The town of Middleborough, Massachusetts and the Massachusetts Department of Food and Agriculture (DFA) commissioned American Farmland Trust to conduct a Cost of Community Services (COCS) study to gain a better understanding of the financial impact of existing land uses in the Town of Middleborough. The study is a snapshot in time of current revenues and expenditures on a land use basis. It analyzes the financial demands of public services (e.g. schools, fire and road maintenance) and shows how much it costs to provide these services to farmland, forest and open space, residential, and commercial and industrial land uses.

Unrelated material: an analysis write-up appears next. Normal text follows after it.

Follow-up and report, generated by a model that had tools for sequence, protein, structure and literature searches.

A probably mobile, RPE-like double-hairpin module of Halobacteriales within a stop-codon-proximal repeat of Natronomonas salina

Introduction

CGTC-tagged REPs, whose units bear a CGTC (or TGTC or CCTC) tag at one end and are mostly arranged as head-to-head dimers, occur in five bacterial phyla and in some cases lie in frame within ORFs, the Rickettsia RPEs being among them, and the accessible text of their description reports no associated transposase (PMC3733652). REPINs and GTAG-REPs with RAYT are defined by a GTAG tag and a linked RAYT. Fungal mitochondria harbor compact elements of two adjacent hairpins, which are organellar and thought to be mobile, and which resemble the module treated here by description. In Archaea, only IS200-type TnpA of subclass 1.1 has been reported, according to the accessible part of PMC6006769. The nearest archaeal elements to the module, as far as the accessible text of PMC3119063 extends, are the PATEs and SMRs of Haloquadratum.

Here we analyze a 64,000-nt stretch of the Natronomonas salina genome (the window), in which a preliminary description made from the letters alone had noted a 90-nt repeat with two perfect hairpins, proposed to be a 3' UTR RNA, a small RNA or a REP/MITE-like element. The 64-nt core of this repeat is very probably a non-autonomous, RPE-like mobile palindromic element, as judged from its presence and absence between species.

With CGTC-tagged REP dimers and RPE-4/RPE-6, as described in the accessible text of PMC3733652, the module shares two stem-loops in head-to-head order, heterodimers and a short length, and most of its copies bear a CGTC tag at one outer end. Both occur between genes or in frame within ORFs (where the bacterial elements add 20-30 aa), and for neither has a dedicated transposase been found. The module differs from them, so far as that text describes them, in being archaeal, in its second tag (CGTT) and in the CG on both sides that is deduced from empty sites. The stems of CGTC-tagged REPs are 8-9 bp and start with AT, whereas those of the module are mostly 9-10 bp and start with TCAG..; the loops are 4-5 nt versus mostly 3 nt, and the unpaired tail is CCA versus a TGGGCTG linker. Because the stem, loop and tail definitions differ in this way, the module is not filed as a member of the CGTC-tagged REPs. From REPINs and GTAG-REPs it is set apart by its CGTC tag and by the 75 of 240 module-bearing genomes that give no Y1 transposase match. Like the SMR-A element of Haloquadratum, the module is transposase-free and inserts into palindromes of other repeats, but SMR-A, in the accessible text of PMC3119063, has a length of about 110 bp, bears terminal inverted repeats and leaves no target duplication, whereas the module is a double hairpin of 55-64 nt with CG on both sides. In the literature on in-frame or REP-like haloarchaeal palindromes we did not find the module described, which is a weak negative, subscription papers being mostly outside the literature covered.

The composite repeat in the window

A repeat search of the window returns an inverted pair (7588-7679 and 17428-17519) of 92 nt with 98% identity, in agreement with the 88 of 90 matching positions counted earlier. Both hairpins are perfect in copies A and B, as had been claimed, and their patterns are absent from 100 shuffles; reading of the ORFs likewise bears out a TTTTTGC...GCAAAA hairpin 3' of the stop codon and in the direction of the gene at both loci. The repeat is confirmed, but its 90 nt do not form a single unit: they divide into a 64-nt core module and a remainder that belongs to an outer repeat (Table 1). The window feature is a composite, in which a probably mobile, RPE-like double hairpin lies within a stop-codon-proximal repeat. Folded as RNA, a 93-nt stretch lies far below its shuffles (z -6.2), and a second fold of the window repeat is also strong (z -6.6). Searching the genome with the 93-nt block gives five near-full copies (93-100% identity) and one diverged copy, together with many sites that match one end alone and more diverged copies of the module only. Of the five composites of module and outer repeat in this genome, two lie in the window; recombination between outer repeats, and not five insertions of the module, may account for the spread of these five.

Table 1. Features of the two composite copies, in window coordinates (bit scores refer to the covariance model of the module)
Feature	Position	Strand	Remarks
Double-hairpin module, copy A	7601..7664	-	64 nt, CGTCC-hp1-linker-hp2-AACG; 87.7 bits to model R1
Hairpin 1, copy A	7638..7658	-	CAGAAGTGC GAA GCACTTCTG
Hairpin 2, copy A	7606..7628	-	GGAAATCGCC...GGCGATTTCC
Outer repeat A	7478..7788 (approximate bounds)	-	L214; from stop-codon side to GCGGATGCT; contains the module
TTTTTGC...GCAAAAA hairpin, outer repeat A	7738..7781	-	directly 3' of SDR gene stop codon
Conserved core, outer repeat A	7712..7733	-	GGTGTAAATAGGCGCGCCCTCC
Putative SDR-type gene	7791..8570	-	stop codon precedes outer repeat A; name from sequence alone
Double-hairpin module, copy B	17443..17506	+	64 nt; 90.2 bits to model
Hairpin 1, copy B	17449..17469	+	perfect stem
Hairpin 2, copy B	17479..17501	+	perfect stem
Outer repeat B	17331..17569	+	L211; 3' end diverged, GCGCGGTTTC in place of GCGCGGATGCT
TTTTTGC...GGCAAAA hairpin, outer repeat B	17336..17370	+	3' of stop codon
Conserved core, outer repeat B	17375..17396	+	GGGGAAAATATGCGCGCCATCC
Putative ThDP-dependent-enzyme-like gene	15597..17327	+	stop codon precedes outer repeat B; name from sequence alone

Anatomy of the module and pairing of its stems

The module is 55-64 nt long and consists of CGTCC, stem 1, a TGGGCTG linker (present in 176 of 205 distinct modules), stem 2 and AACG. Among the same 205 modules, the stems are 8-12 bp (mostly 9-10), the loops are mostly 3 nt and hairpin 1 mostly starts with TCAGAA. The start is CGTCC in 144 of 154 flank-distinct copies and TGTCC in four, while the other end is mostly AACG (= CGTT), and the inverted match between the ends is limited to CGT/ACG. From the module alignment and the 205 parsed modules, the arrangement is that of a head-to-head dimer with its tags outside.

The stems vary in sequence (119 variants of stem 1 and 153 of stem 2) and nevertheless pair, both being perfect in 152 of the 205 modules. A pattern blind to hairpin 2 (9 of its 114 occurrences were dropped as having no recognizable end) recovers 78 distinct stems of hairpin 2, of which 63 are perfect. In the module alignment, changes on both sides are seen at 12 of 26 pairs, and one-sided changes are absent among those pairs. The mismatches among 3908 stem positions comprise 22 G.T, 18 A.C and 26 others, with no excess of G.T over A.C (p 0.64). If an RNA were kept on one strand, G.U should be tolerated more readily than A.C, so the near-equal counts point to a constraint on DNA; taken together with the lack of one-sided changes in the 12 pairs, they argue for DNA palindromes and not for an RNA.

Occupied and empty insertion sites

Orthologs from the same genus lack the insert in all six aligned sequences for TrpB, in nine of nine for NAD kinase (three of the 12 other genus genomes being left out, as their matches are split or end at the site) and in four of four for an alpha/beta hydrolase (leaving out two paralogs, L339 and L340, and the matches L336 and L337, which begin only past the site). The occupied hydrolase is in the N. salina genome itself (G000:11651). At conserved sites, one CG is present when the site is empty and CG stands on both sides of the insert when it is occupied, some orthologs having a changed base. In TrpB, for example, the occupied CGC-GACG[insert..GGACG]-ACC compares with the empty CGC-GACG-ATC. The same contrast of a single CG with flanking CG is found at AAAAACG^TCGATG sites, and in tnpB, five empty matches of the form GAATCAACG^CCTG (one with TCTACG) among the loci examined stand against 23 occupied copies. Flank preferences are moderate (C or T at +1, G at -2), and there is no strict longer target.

The study was initiated after a series of meetings in the Fall of 2000 by a group called the “Cranberry Initiative.” The group, comprised of state, local and nonprofit organizations, was concerned about the impact of falling prices on the cranberry industry in Massachusetts. As supply increased in the 1990s, prices per barrel fell from a record high of $65.90 in 1996 to $16.10 in 1999.1 The Cranberry Initiative recognized that farmland in Southeast Massachusetts, particularly cranberry bogs and associated upland, was increasingly susceptible to development pressures. The goal of this COCS study was to provide information to help town officials make informed planning decisions. The Town of Middleborough was selected as the study area because it contains a good mixture of land uses including cranberry bogs.